Madrid continues to refuse to acknowledge Catalonia’s right to hold a vote on its future. It holds that Catalonia cannot become independent without a change to the Spanish constitution, and that in turn requires a vote throughout Spain. Not that there’s any willingness on the part of the Spanish government or main opposition party the PSOE to support the necessary constitutional changes. So it’s not going to happen.
Catalonia continues to press for a referendum. The Catalans assert that their right to self-determination trumps the provisions of the Spanish constitution, which Catalans see as an undemocratic restriction on their right to decide their own future. Madrid remains as instransigent as ever. Neither side shows any sign of backing down.
Although earlier this year the pro-sovereignty ERC (Esquerra Republicana de Catalunya, Republican Left of Catalonia) was pressing for a unilateral referendum in Catalonia before the Scottish referendum, it now looks unlikely that will happen. However the ERC, the junior partner in the coalition running the Catalan government, continues to gain support in opinion polls. This is a sign that Catalan public opinion is losing patience with the softly softly approach of the CiU government of Artur Mas.
What happens over the coming year in Catalonia is likely to depend in no small measure on the outcome of the Scottish referendum. They are watching us with great interest.
Scotland is a nation by any definition. We have no need to prove it, what with it falling into the category of the bloody obvious. We’ve got so much national identity we export it, traditionally in the form of tartan rugs, whisky, and a tourism industry which makes out we are a nation of romantic dreamers with a touch of the supernatural, when in fact we are a hard headed bunch of cynics with a sick sense of humour.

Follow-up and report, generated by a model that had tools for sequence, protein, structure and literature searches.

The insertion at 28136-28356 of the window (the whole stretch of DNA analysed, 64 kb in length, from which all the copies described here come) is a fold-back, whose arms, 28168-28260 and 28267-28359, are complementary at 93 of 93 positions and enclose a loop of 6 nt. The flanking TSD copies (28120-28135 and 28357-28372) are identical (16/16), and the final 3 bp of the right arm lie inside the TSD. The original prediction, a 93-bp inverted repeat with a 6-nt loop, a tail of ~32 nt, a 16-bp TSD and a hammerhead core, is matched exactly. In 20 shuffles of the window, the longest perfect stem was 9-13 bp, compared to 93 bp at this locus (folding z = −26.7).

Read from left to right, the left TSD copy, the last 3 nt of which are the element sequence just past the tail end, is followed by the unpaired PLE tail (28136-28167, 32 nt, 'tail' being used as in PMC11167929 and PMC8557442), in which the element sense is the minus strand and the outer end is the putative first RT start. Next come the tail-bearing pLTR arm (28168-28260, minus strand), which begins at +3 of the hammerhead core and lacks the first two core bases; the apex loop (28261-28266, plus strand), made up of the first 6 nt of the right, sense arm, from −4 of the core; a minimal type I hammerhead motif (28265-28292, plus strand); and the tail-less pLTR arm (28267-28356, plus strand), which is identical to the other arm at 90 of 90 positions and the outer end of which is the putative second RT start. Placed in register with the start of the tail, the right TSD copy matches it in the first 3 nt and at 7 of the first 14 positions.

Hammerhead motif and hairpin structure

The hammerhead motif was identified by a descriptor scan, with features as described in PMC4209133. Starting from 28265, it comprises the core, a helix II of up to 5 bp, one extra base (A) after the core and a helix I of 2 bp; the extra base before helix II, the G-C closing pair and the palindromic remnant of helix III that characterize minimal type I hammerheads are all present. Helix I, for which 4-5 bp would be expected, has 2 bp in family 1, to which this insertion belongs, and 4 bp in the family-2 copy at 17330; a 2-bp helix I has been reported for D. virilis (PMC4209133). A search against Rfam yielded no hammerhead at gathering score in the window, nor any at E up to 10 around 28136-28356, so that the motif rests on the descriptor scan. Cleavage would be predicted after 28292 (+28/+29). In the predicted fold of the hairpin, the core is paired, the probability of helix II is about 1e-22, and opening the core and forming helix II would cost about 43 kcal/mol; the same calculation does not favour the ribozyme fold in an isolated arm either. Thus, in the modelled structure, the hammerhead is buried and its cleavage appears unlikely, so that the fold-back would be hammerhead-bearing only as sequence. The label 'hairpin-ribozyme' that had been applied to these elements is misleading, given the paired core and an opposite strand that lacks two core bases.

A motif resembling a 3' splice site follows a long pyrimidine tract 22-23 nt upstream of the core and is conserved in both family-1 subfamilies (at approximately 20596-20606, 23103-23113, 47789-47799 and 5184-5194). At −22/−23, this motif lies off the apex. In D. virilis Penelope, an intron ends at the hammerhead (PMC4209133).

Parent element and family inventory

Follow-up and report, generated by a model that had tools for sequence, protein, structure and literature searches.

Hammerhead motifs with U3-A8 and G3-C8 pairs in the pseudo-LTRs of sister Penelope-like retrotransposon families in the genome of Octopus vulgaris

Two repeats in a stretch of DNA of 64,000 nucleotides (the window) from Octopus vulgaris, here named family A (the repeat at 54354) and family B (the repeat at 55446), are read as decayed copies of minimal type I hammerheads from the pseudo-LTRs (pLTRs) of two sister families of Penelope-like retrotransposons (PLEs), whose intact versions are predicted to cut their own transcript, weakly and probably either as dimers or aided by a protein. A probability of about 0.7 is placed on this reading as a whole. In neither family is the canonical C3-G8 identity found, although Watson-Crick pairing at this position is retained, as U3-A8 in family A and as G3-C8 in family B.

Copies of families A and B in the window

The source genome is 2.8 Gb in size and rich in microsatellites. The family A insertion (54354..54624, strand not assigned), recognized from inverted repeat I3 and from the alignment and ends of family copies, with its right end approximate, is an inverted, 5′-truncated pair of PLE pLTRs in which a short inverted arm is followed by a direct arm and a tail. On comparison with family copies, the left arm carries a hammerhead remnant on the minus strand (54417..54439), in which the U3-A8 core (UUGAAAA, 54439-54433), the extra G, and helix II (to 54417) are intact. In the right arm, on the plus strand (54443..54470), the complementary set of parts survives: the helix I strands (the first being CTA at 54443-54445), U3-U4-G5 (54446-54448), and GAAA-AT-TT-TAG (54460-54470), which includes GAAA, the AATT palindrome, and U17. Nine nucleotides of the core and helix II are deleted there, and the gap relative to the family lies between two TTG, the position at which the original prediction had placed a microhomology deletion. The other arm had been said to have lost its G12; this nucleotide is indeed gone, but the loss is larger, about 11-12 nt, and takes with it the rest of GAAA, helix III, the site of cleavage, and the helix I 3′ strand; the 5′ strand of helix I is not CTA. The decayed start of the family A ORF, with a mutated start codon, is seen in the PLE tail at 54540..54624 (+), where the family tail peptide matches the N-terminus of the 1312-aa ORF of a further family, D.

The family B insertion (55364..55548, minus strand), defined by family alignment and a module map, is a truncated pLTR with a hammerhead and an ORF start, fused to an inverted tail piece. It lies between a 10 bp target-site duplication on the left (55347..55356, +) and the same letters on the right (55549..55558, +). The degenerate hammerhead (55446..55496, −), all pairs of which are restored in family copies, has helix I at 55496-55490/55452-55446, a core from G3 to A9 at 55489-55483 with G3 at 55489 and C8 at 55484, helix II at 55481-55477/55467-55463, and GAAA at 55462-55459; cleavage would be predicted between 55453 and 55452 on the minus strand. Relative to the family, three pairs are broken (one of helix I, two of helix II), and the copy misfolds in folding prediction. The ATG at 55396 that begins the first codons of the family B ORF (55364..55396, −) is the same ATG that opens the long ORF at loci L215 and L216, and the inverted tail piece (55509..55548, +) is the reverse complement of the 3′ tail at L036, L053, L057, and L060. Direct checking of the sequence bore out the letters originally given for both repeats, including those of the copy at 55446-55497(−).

Catalonia is a nation too. That’s what the Catalans say, and if they’re saying so it ought to be good enough for everyone else. You’d imagine they ought to know, after all. That’s kinda what “self-determination” means. Like the Scots the Catalans have an abundance of national identity, and also tend towards hard headed cynicism combined with a sick sense of humour which doesn’t extend to torturing bulls.
However the Spanish constitution does not recognise the existence of the Catalan nation. Catalans are deemed to be a “historical nationality”. No one is really sure what this means, although it’s possible that according to the Spanish constitution Catalonia is only a nation when everyone is dressed in period costume.
Since Scotland’s national dress was the invention of a couple of pretend-Polish guys on the make and an overdose of Victorian romanticism, we’d probably only rank as a hysterical notionality. And indeed there are those on the wilder fringes of the Better Together brigade who apparently believe this. But since Scotland’s right to its independence referendum is now established in fact, no one pays them much attention.
Catalonia’s legal status as something other than a nation leads to long and bitter debates. The default position of Spanish Unionists is to refuse to recognise that Catalonia is a nation at all. Scottish people occasionally experience this too. I once met a German girl on holiday when I was a teenager who earnestly assured me: “I’m sure you’ll find you are in fact English.” I just laughed and said: “Och you Austrians and your whacky sense of humour.”
One person telling a second person that they understand the second person’s identity better than the second person does is of course an exercise in craziness. It is doomed to failure unless the first person is a psychiatrist and the second is under the effects of mind altering drugs or has recently suffered a severe concussion. While many in Catalonia would assert that their country has indeed received repeated kicks in the head from the Spanish government, few would believe that la Moncloa was the sane one in the equation.
The Madrid government is having about as much success in persuading the Catalans that they are not a nation as that German lassie did nearly 40 years ago. A sense of nationhood is immune to legislation, all the constitutional clauses in the world make no difference. Nationhood rests in the minds and imaginations of those who profess it.
The problem Madrid has no answer for is that many Catalans can imagine a much better future for their nation as an independent state. You can’t legislate against hope. And in that respect, the Catalans and the Scots are identical.